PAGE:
Developed by: No Code
Published by: Devolver Digital
Available on: PC, PlayStation 4
Story-focused video games often invite some sort of identification with a relatable protagonist. “Observation,” a captivating sci-fi-puzzle-game from a number of the creative minds behind “Alien Isolation,” takes a slightly different approach. Rather than cast players in the role of an astronaut struggling for survival onboard a damaged space station, “Observation” inserts players into the circuits of the onboard AI. And because it is difficult to overlook how unnatural it is for a human mind to mimic the smooth functionality of a machine, the game effects a gap between the player and the player’s avatar that is intriguingly disorienting.
“Observation’s” peculiar strength is in harnessing and undermining one’s capacity for detachment. The game opens with Dr. Emma Fisher, an astronaut on an International Space Station, sending out an S.O.S. call after an incident knocks the station from its trajectory and damages its operating AI, S.A.M. After Emma reboots the system, the first task for the player is to accept or reject her voice authentication by moving a slider along the screen that serves as a voice analyzer then clicking a tab to indicate S.A.M.’s response.
Curious to see what would happen if I decided to be uncooperative, I rejected Emma’s voice signature a couple of times before she ran a bypass code on me. Since I was the ghost in the machine, I took perverse pleasure in that exchange. As I recollected past crises with uncooperative computers, I wondered how long I’d keep up an apathetic front.
Not for long.
One of the first dramatic moments occurs after Emma directs you to see if different modules on the station are still functional. Odd symbols and coordinates flash across the screen which looks like an artfully distorted video feed. (Like “Alien Isolation,” “Observation” channels an analogue vibe.) A high-pitched sound swells in the background prompting a reasonably panicked Emma to ask S.A.M. what’s going on. There is nothing the player can do but watch as the words “Bring Her” briefly appear on the screen followed by a flash to a mysterious landscape then grows dark. It's interesting to have your avatar do things you don't understand; in the game, no one is all-powerful or outside of the scope of someone else’s observation.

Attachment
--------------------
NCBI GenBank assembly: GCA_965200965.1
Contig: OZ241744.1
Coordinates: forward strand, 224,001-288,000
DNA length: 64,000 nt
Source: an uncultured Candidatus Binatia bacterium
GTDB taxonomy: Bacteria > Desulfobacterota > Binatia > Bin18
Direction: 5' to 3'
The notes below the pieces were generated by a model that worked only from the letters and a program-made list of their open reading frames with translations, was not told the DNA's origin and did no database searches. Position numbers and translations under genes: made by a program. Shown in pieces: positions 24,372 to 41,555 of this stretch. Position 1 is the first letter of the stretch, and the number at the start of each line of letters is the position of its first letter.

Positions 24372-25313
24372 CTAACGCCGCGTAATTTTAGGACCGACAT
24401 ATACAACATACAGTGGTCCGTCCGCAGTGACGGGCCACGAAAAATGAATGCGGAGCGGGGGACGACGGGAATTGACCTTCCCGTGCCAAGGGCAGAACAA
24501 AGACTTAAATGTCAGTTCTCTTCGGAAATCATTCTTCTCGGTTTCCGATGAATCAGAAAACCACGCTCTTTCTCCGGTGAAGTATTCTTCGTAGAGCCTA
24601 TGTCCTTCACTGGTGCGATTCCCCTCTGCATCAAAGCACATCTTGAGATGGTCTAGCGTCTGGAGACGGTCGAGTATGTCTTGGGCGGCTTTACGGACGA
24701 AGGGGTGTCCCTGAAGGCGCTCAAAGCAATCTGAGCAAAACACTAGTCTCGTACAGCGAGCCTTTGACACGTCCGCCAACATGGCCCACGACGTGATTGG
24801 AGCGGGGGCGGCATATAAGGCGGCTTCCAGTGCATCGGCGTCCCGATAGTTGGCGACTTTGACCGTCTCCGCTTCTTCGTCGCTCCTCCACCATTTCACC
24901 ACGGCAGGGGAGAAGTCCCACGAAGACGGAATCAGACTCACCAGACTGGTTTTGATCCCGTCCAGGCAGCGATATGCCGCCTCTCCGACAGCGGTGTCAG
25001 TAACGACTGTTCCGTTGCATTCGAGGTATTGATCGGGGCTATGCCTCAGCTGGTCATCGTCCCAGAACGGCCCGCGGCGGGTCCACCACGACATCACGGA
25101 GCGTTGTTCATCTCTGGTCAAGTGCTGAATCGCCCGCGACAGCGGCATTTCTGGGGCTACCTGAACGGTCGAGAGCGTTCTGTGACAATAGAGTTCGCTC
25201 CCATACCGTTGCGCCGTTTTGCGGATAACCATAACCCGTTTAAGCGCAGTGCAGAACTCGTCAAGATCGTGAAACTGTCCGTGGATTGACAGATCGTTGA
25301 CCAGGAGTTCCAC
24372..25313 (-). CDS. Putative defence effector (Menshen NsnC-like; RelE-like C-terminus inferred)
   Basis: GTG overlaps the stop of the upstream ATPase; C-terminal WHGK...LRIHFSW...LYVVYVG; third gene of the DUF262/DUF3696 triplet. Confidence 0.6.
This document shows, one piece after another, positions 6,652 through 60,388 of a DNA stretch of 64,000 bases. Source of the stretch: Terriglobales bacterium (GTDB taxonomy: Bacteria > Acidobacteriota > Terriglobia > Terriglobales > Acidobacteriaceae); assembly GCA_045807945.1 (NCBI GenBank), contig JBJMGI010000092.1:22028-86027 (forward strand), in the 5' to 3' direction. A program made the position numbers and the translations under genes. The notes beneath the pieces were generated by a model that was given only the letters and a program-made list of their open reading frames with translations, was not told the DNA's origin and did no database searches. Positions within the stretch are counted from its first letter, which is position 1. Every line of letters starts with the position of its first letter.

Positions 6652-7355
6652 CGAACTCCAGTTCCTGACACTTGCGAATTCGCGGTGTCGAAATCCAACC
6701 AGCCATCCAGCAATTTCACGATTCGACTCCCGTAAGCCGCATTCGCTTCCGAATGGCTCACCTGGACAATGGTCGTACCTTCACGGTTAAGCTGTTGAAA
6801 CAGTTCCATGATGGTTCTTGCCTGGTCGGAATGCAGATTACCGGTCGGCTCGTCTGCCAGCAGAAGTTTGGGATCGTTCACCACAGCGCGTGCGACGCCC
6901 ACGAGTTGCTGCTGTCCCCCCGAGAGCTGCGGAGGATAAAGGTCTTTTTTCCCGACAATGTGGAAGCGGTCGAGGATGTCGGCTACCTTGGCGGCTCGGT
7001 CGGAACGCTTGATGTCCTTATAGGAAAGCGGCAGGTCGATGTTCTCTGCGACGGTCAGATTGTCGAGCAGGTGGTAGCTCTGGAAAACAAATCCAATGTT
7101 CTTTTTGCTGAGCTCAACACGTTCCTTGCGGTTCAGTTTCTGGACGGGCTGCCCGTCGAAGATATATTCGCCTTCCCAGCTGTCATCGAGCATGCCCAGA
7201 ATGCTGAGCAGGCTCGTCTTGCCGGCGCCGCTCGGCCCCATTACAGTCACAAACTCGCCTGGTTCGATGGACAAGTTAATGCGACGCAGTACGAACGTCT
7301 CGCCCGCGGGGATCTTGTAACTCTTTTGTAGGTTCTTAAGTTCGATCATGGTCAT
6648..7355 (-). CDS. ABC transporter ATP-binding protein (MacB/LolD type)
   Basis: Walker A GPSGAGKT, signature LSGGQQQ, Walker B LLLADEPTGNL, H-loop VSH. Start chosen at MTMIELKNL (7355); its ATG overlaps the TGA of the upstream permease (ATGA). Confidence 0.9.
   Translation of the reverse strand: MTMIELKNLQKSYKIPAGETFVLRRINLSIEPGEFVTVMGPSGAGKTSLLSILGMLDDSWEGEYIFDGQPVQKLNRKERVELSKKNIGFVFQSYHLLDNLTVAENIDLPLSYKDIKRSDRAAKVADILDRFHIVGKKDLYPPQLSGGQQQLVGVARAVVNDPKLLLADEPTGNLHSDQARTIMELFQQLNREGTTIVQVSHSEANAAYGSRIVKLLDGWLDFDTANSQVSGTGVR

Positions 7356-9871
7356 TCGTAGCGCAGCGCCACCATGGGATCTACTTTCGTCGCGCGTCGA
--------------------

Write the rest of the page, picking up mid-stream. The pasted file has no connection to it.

The situation grows increasingly strange after Emma realizes the station is hovering near Saturn and S.A.M. admits that he took them there but doesn’t know why. From that point on, I was committed to helping Emma however I could. Usually that meant consulting one of the game’s sub-menus to locate cameras throughout the station that I could access and, from there, manipulate electronic devices in the vicinity — monitors, hatch doors, laptops, etc.
Though it is easy to feel detached behind a camera, working through a number of the game’s puzzles reminded me that I was a varyingly slow witted-human. Listening to Emma chide me to hurry up with some urgent matter or feeling at a loss for what to do next made me aware that I made for a poor AI companion.
The puzzles in “Observation’ are varied. They feel “technical” without being overly so. There are knobs to adjust, coordinates to enter, schematics to copy, and wires to connect. These user interfaces are well designed and further the game’s retro aesthetic. At a certain point, Emma hooks S.A.M. up to a spherical device so that he can float around and outside of the ship. Guiding the Connection Sphere through the ship’s corridors lends to the impression that one is orchestrating a series of lovely tracking shots. The game’s cinematic flair is obviously indebted to films such as “2001: A Space Odyssey,” and “Gravity.”
Although “Observation’s” story ultimately falls back on one of the biggest tropes in pop culture — multiple dimensions — I thoroughly enjoyed my time with it. On an audiovisual level this is a beautifully executed game with good voice acting. Aspiring space cadets take note.
Christopher Byrd is a Brooklyn-based writer. His work has appeared in the New York Times Book Review, the New Yorker and elsewhere. Follow him on Twitter @Chris_Byrd.
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